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Editorial Reviews

Editors Select, January 2013 - I listened to Stuart Neville’s debut novel Ghosts of Belfast 3 years ago, and was totally swept up by his seamless blending of fantasy into an IRA noir thriller. In Neville’s next two novels he delivered solid thrills, but they were slightly more traditionally drawn. But when I heard about his newest stand-alone Ratlines, I knew I had to listen to it. He heads back to his old narrative stomping grounds of an Ireland at war with itself, while bringing in an alternate history element involving Nazi stowaways. It doesn’t get more chilling than that! —Emily, Audible Editor

Publisher's Summary

Ireland 1963. As the Irish people prepare to welcome President John F. Kennedy to the land of his ancestors, a German national is murdered in a seaside guesthouse. Lieutenant Albert Ryan, Directorate of Intelligence, is ordered to investigate. The German is the third foreigner to die within a few days, and Minister for Justice Charles Haughey wants the killing to end, lest a shameful secret be exposed: the dead men were all Nazis granted asylum by the Irish government in the years following World War II.

A note from the killers is found on the dead German's corpse, addressed to Colonel Otto Skorzeny, Hitler's favorite commando, once called the most dangerous man in Europe. The note simply says: "We are coming for you."

As Albert Ryan digs deeper into the case, he discovers a network of former Nazis and collaborators, all presided over by Skorzeny from his country estate outside Dublin. When Ryan closes in on the killers, his loyalty is torn between country and conscience. Why must he protect the very people he fought against 20 years before? Ryan learns that Skorzeny might be a dangerous ally, but he is a deadly enemy.

©2013 Stuart Neville (P)2012 Audible, Inc.

Critic Reviews

“Thrilling.... Readers will hope to see more of Ryan, a formidable yet damaged hero." (Publishers Weekly)
“Another moody winner mixes Nazis into Neville's usual Irish noir.” (Kirkus Reviews)
"Neville, whose debut, The Ghosts of Belfast, won the 2010 Los Angeles Times Book Prize for Best Mystery/Thriller, concocts a believable plot with an intriguing protagonist torn between duty to country and his distaste for Nazi criminals. Fans of Jack Higgins and Ken Follett will enjoy this novel." (Library Journal)

What members say

Average Customer Ratings

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Story

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Sort by:
  • Overall
    4 out of 5 stars
  • Performance
    4 out of 5 stars
  • Story
    5 out of 5 stars
  • Keenan
  • Anchorage Alaska
  • 08-02-15

James Bond in Ireland

Would you listen to Ratlines again? Why?

Doubtful. It's not one of my favorite Stuart Neville stories.

What did you like best about this story?

Once I realized it was more of a James Bondian spy story rather than typical Neville noir, it was a fun story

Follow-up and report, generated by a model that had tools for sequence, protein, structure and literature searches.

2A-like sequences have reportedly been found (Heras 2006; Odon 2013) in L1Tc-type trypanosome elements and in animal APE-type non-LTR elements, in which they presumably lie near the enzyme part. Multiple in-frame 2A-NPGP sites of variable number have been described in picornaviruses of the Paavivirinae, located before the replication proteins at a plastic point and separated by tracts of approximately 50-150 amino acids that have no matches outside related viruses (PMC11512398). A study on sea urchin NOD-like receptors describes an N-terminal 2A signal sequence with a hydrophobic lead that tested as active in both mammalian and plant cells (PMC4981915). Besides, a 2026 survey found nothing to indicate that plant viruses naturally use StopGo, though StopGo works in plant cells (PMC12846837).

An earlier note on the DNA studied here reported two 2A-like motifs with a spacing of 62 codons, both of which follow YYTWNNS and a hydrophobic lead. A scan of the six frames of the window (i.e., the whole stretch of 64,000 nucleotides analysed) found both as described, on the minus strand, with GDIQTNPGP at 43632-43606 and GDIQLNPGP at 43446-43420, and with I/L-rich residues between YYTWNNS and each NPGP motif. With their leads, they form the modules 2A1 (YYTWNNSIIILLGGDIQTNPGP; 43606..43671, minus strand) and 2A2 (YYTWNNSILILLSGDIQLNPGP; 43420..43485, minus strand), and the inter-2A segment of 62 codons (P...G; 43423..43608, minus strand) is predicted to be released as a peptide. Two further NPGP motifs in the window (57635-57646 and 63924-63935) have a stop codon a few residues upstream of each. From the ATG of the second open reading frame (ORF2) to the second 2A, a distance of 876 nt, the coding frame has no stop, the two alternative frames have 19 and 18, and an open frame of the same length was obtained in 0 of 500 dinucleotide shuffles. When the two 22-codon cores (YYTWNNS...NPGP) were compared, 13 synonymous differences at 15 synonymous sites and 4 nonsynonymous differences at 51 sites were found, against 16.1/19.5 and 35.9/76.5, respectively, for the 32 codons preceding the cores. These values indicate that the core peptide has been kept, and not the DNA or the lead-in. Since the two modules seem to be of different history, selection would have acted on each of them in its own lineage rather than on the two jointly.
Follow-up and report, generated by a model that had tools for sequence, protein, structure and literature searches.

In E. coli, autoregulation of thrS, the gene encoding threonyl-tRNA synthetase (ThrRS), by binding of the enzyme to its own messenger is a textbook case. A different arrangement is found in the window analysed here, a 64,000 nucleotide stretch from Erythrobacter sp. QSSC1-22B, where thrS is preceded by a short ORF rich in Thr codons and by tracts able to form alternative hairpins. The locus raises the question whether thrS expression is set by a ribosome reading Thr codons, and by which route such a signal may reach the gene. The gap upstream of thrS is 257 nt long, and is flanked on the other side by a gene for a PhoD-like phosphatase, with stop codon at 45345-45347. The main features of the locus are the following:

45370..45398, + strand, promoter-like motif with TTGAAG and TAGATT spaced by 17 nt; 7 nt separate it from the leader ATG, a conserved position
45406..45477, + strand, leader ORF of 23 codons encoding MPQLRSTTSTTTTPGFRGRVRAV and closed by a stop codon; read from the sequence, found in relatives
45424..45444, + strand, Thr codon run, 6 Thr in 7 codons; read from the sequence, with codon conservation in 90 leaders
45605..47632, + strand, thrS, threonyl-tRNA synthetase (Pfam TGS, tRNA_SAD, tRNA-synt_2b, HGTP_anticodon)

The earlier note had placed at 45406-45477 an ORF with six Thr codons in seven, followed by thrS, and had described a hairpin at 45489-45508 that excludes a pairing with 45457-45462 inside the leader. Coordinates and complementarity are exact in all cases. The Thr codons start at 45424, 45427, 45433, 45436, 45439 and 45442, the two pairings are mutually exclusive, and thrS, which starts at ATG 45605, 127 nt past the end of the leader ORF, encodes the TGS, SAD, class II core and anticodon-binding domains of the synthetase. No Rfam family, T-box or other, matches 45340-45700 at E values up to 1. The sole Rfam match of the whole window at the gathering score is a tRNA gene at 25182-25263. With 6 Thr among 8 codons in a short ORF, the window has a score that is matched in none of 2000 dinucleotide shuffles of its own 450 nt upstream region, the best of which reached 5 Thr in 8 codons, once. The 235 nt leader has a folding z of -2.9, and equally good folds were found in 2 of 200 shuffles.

What does Alan Smyth bring to the story that you wouldn’t experience if you just read the book?

I couldn't recreate James Nesbitt's voice in my head if I wanted to. I wouldn't have thought of a George Clooney voice for the American. I was surprised to learn Alan Smyth wasn't an Irish-American because his narrating voice sounded very American with little hints of Irish heritage coming through.

Was this a book you wanted to listen to all in one sitting?

No.

Any additional comments?

I hope if they make a movie out of it, Julia Robert isn't cast as the love interest.

  • Overall
    3 out of 5 stars
  • Performance
    2 out of 5 stars
  • Story
    4 out of 5 stars

Good Story-Disappointing Narrator

Would you say that listening to this book was time well-spent? Why or why not?

Yes. It was a good story and Stuart Neville is a very good author.

What did you like best about this story?

The premise that the Protestant Irish and the IRA collaborated with the Nazis and Nazi sympathizers.

What didn’t you like about Alan Smyth’s performance?

Flat voice with some characters, stilted sentences. Not enough change of voice/accent between the different people in the story.

Was Ratlines worth the listening time?

Yes.

1 of 2 people found this review helpful

  • Overall
    3 out of 5 stars
  • Performance
    3 out of 5 stars
  • Story
    3 out of 5 stars

Disappointing for Ghosts of Belfast Fans!

I loved Neville's first novel, "Ghosts of Belfast", But his second book "Collusion", didn't match up to the first, and unfortunately, the third "Ratlines", was even more of a disappointment. The narrator's voice was too nasal or hesitant for me.

I would rather hear more of the Irish writer, Gene Kerrigan, especially his new one called "The Rage", but it is not on the U.S. version of Audible. I don't know why that is.

I wish Audible would add a "Suggestions List" for books we want to hear but are not in their canon.

1 of 2 people found this review helpful

  • Overall
    4 out of 5 stars
  • Performance
    4 out of 5 stars
  • Story
    5 out of 5 stars
  • sheldon
  • WALDEN, NY, United States
  • 02-04-13

Greed and murder

Where does Ratlines rank among all the audiobooks you’ve listened to so far?

Good story and in the top of my audiobooks

What did you like best about this story?

Ryan's determination to see it through to the end

Which scene was your favorite?

Ryan's stakeout of the house and discovering the fourth man.

Did you have an extreme reaction to this book? Did it make you laugh or cry?

just enjoy it.

Any additional comments?

like it a lot